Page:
As consumers, we have to be hyper-aware, and this absolutely goes for our horse feed as well as our own food. When you see a feed company touting the health benefits of its products, how do we know that the claim didn't come from a dubious study that was wholly bought and paid for by that food company. Or when we see other studies casting doubt on the harmful effects of other companies products? Hmmm. Before you buy into a headline or the latest study, here's some tips on how to check what's real ...

  1. Read the fine print. Who paid for the study? For example, if it’s a study on breakfast cereal and weight gain, did the National Institute of Health (NIH) fund it or did Kellogg’s? To quote from Vana Hari's book 'Feeding You Lies', “You wouldn’t believe a study on cigarettes that was funded by Philip Morris, and you probably shouldn’t believe a study on cereal paid for by a company whose bottom line depends on Froot Loops and Frosties.
  2. Dig a little deeper. If a study says it's funded by the International Life Sciences Institute, you may feel relieved. Sounds legit, but google them - see who's behind it. Turns out that ILSI is a front group founded by a Coca-Cola executive; its sponsors include Kellogg’s, McDonald’s, Merck & Co., Nestlé & PepsiCo.
  3. What kind of study it is? An observational study or randomised controlled trial? The purpose of observational studies is quite simple: to generate hypotheses for future research, and to assess whether correlations are real or just noise. They never prove cause and effect, simply collecting observations for a hypothesis. Randomised are better - they're large controlled trials, true experiments, where scientists manipulate one variable, i.e. sugar intake, and then assign people to different groups where they're exposed to different levels of sugar. Researchers then follow them and measure things like changes in body weight, cardiovascular biomarkers, and appetite levels. This is how good science is done. A randomised controlled trial can prove cause and effect - an observational study doesn't. Observational studies are weak and easily manipulated - it was observational studies which gave us humans the disastrous advice to eat low-fat diets and up to eleven servings of bread, rice, cereal, and pasta every day!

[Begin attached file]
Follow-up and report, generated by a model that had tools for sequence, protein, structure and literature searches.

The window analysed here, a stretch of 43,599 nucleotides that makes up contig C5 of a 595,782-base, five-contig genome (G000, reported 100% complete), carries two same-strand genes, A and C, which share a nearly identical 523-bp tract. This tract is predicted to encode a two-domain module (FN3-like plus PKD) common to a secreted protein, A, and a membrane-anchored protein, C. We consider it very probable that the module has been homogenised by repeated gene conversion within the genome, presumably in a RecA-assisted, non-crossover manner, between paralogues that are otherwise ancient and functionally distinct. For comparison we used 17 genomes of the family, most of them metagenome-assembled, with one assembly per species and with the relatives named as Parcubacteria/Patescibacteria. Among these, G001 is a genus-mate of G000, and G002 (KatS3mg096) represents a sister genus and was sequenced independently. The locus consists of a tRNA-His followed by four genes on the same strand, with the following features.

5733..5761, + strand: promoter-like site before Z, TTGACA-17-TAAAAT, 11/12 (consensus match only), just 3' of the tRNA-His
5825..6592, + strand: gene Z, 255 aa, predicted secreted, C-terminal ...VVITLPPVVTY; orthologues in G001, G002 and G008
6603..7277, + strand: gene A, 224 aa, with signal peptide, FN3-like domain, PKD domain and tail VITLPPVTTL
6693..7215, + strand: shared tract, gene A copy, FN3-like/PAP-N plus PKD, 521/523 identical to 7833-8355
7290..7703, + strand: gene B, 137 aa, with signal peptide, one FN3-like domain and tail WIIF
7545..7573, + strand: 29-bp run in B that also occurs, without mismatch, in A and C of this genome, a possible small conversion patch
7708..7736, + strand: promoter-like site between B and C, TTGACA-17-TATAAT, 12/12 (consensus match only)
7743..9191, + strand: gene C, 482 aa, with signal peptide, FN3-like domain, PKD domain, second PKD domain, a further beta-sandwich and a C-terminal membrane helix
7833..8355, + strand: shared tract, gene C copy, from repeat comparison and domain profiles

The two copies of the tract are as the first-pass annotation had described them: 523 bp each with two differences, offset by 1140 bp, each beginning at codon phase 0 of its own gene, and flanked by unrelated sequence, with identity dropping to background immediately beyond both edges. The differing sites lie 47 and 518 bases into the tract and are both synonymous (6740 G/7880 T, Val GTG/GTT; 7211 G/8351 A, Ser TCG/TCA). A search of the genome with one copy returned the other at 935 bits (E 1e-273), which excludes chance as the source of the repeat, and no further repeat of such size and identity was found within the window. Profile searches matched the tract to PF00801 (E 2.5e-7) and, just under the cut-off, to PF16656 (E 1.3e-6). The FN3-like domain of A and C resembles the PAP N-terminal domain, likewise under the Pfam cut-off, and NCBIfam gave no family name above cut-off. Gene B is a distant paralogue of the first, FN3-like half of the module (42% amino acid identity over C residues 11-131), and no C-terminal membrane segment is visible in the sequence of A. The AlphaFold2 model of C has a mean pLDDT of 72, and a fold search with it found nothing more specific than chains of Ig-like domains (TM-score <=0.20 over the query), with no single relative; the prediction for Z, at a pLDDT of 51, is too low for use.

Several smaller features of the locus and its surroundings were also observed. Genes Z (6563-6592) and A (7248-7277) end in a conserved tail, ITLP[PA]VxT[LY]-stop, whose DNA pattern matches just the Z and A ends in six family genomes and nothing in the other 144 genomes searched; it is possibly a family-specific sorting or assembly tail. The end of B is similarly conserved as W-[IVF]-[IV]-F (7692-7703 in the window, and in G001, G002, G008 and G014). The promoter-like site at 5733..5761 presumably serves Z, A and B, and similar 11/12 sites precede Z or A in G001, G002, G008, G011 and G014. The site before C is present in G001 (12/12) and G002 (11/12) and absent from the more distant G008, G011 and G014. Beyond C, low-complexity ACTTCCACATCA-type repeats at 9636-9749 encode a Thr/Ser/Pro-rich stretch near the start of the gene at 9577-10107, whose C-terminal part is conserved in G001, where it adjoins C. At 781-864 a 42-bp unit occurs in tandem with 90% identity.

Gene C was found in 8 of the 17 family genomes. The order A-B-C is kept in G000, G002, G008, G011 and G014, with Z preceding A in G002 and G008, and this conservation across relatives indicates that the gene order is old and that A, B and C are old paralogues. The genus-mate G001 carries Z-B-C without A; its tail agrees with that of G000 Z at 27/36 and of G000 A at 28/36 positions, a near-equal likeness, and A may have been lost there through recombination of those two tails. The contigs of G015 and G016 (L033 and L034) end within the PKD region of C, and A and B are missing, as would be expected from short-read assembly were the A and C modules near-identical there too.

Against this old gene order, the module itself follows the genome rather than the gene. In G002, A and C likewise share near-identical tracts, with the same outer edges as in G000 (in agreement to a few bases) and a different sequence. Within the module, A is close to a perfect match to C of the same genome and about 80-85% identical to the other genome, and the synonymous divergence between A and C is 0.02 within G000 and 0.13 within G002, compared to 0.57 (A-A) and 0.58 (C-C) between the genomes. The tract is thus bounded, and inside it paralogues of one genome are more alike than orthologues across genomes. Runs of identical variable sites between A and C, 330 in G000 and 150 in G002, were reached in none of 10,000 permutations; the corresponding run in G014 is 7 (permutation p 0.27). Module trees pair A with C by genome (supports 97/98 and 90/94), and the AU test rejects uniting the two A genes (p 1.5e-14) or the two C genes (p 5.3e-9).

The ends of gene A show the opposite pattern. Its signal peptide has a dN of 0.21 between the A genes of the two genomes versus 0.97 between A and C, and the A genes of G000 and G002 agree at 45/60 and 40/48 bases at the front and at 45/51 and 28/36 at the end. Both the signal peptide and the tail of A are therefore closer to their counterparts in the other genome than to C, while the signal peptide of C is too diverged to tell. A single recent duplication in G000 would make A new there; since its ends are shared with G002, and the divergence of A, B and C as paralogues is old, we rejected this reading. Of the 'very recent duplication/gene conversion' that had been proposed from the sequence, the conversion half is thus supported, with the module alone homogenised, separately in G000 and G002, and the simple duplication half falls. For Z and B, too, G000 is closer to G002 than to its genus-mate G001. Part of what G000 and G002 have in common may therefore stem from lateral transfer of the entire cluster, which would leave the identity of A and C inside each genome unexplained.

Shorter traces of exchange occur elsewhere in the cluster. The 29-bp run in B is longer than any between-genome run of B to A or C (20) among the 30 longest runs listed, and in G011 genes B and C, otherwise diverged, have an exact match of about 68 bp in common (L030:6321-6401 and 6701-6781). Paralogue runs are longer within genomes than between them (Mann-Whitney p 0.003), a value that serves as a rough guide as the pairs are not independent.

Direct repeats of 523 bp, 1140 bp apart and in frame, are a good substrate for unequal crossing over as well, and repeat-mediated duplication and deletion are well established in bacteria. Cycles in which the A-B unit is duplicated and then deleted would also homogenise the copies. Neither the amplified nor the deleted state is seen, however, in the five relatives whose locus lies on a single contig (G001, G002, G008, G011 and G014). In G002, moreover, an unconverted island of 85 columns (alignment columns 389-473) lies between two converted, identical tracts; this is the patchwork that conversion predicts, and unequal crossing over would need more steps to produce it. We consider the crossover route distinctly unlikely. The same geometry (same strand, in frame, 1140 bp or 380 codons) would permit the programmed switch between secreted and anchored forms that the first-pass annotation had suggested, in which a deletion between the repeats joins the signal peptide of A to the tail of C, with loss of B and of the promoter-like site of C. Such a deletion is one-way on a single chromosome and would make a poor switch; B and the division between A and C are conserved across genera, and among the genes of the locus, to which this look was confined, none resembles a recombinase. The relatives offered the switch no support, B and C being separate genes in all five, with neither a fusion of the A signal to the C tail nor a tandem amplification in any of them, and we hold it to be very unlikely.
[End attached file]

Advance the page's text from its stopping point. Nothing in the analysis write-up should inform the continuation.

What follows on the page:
4. Remember that replication is good science. One study that claims that soft drinks are not linked to weight gain should not distract you from the fact that dozens of independent studies have found otherwise. If one sensational new study contradicts a large body of research and sounds too good to be true, then it probably is. If a study reveals a new finding, it can often pay to see what other research comes out to confirm or deny it.